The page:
Protein glycation is a ubiquitous non-enzymatic post-translational modification, formed by reaction of protein amino and guanidino groups with carbonyl compounds, presumably reducing sugars and α-dicarbonyls. Resulting advanced glycation end products (AGEs) represent a highly heterogeneous group of compounds, deleterious in mammals due to their pro-inflammatory effect, and impact in pathogenesis of diabetes mellitus, Alzheimer’s disease and ageing. The body of information on the mechanisms and pathways of AGE formation, acquired during the last decades, clearly indicates a certain site-specificity of glycation. It makes characterization of individual glycation sites a critical pre-requisite for understanding in vivo mechanisms of AGE formation and developing adequate nutritional and therapeutic approaches to reduce it in humans. In this context, proteomics is the methodology of choice to address site-specific molecular changes related to protein glycation. Therefore, here we summarize the methods of Maillard proteomics, specifically focusing on the techniques providing comprehensive structural and quantitative characterization of glycated proteome. Further, we address the novel break-through areas, recently established in the field of Maillard research, i.e., in vitro models based on synthetic peptides, site-based diagnostics of metabolism-related diseases (e.g., diabetes mellitus), proteomics of anti-glycative defense, and dynamics of plant glycated proteome during ageing and response to environmental stress. View Full-Text.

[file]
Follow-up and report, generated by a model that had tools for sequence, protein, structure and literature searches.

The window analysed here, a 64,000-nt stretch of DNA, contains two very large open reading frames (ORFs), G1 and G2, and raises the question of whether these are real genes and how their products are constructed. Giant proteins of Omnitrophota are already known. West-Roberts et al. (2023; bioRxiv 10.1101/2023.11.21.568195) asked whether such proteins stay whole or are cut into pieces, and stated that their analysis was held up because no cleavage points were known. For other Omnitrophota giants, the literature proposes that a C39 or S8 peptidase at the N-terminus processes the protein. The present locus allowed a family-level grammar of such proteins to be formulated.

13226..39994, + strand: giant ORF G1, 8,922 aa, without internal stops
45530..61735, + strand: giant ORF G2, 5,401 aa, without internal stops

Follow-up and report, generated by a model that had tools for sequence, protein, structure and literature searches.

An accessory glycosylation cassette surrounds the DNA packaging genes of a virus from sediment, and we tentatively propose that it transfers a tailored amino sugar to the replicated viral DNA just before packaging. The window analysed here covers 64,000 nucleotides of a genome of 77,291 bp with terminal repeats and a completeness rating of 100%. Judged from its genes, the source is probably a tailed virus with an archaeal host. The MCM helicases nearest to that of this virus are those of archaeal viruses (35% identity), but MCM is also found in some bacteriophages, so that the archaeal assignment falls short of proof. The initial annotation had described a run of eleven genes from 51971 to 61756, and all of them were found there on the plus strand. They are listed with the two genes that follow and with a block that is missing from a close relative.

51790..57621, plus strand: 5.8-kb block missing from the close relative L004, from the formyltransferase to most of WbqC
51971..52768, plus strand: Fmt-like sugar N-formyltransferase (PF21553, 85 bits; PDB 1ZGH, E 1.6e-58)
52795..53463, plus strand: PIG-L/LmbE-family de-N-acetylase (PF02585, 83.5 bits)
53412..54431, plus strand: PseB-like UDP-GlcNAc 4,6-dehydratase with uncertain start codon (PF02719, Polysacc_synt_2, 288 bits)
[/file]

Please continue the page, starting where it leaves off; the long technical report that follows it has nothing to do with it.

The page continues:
Cotrim, C. A., Weidner, A., Strehmel, N., Bisol, T. B., Meyer, D., Brandt, W., Wessjohann, L. A. & Stubbs, M. T. A distinct aromatic prenyltransferase associated with the futalosine pathway. ChemistrySelect 2, 9319-9325, (2017) DOI: 10.1002/slct.201702151